"The past is never dead. It's not even past." -- William Faulkner, Requiem for a Nun
Clinton Health Plan of 1993 - Part Two
Fifteen years after the Clinton Plan, public dissatisfaction with the health financing system is no better, probably worse.
|Knocking on the door|
There were some flurries of interest in the article, letters to the editor, passing comments from colleagues in the corridors of my hospitals, and even a challenge, readily squelched, from a hospital administrator who wrote in that it wasn't true. Perhaps the most flattering response was to meet the magazine's editor for the first time at a cocktail party twenty years later and have him exclaim a little about the stir it made.
Then, on July 3, there was a knock on my office door. Howard Sandum, the new publisher of Saunders Press, two blocks away, had read the article, proposed we have lunch. The substance of his visit was that, if I could write a book between the Fourth of July and Labor Day, he would publish it. I wasn't sure I was capable of writing a book in 90 days, had planned a vacation at the Jersey shore with my family, didn't know what to do. But I also didn't know that Howard was planning on moving in on us at the shore, and as fast as manuscript appeared, it was edited, at all hours, night and day. The marathon effort was greatly assisted by using my new computer, a Radio Shack TSR-80, with a processor speed of 2 GHz. Howard could type a hundred words a minute, but when I predicted that in a few years every book would be written with a computer, even he uneasily granted that maybe I had some kind of the point. My present computer is approximately a thousand times as fast on the processor level, although not noticeably faster on the author level. Today, a publisher won't even look at a manuscript unless it is on a computer disc.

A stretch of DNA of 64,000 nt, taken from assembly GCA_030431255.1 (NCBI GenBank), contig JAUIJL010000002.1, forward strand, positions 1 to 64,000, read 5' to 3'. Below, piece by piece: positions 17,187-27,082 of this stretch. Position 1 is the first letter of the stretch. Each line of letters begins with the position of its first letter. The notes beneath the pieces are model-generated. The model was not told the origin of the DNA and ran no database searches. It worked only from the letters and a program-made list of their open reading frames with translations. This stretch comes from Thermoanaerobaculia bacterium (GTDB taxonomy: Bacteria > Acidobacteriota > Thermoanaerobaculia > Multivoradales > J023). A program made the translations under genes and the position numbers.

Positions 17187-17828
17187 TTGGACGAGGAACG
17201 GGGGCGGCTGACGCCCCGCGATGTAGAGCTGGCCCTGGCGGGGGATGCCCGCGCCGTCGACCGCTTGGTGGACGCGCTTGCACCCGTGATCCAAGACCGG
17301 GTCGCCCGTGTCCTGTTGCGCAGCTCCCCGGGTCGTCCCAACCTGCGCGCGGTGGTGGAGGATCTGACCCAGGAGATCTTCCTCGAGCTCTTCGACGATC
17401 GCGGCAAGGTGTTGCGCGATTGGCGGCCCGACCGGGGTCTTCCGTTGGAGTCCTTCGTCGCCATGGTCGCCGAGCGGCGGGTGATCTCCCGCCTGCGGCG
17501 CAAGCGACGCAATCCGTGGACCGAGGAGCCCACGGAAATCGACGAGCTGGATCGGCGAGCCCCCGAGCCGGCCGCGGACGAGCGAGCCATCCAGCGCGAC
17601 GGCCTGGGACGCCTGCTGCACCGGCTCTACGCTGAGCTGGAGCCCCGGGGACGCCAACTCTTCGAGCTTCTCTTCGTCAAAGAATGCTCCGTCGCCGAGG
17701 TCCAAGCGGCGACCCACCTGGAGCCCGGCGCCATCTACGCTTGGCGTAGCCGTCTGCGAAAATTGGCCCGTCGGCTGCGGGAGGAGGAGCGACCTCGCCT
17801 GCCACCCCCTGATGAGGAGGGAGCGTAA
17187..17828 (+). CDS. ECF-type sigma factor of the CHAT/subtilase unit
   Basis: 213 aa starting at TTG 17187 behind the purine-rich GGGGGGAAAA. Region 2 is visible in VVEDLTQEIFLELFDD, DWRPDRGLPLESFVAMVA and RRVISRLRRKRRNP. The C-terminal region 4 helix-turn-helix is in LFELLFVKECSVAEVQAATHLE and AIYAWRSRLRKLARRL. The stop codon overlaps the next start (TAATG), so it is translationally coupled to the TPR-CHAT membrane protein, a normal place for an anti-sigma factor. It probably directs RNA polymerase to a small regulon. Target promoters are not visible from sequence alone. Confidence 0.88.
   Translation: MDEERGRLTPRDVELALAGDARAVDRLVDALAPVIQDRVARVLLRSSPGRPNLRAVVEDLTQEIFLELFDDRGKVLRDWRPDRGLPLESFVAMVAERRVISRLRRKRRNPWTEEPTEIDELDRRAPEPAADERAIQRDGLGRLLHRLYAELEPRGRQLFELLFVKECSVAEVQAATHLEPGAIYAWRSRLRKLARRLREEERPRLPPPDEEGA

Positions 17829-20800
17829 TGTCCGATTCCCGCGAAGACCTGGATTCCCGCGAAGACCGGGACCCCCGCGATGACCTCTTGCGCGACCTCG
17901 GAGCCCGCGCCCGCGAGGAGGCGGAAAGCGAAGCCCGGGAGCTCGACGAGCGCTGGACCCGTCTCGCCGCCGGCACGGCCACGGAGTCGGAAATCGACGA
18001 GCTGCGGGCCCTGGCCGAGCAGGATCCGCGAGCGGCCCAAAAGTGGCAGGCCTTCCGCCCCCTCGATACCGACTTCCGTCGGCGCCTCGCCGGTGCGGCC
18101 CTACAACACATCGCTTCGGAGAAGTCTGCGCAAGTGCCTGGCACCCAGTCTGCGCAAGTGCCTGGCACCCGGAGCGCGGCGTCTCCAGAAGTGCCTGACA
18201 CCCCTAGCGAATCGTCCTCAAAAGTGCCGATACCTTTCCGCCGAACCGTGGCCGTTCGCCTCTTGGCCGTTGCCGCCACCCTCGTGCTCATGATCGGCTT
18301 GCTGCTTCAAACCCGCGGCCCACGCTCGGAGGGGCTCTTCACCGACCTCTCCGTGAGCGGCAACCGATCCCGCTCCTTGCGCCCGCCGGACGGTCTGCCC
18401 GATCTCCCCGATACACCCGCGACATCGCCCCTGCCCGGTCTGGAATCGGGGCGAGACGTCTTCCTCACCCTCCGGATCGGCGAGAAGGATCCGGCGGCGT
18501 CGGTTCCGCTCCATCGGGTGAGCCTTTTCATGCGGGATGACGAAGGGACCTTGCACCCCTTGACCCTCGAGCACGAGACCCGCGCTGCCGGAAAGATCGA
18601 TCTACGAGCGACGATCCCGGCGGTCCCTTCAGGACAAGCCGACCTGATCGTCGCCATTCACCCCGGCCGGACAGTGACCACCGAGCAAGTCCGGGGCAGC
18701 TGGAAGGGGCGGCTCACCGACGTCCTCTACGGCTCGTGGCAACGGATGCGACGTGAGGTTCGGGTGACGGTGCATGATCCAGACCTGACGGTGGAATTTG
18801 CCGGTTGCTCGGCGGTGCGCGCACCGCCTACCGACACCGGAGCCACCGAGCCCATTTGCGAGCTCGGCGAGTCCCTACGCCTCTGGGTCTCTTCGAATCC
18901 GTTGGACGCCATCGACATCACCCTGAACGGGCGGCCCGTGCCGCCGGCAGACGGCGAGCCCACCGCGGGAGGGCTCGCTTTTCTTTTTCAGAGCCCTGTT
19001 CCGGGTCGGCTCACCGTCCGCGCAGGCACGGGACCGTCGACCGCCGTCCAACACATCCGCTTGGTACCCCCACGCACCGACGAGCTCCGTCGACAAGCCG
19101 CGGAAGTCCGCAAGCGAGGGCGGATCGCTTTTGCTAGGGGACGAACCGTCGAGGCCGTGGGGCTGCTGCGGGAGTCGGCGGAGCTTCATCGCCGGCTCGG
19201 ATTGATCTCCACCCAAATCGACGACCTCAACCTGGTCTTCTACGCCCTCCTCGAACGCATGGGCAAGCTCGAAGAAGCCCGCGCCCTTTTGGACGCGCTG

My next hero was Thomas Donlon, at that time Washington correspondent for Barron's, now Editor-in-Chief of the Editorial Page. Donlon didn't remember me at first when I sat next to him lately at a luncheon, but in 1969 he did me the honor of writing a two-page book review, including the mind-exploding remark that I was a Renaissance Man. There is absolutely nothing in the whole world I would rather be called than A Renaissance Man, however inaccurate that description may be.
Well, a book can go through doors that the author wouldn't be allowed to go through. A week or so after Barron's book review, I was sitting quietly in my easy chair, deciding whether to shave and get dressed, when the phone rang. A voice said, "This is the White House calling."
|Posted by: Joseph H Sandum | Jan 18, 2007 10:58 PM|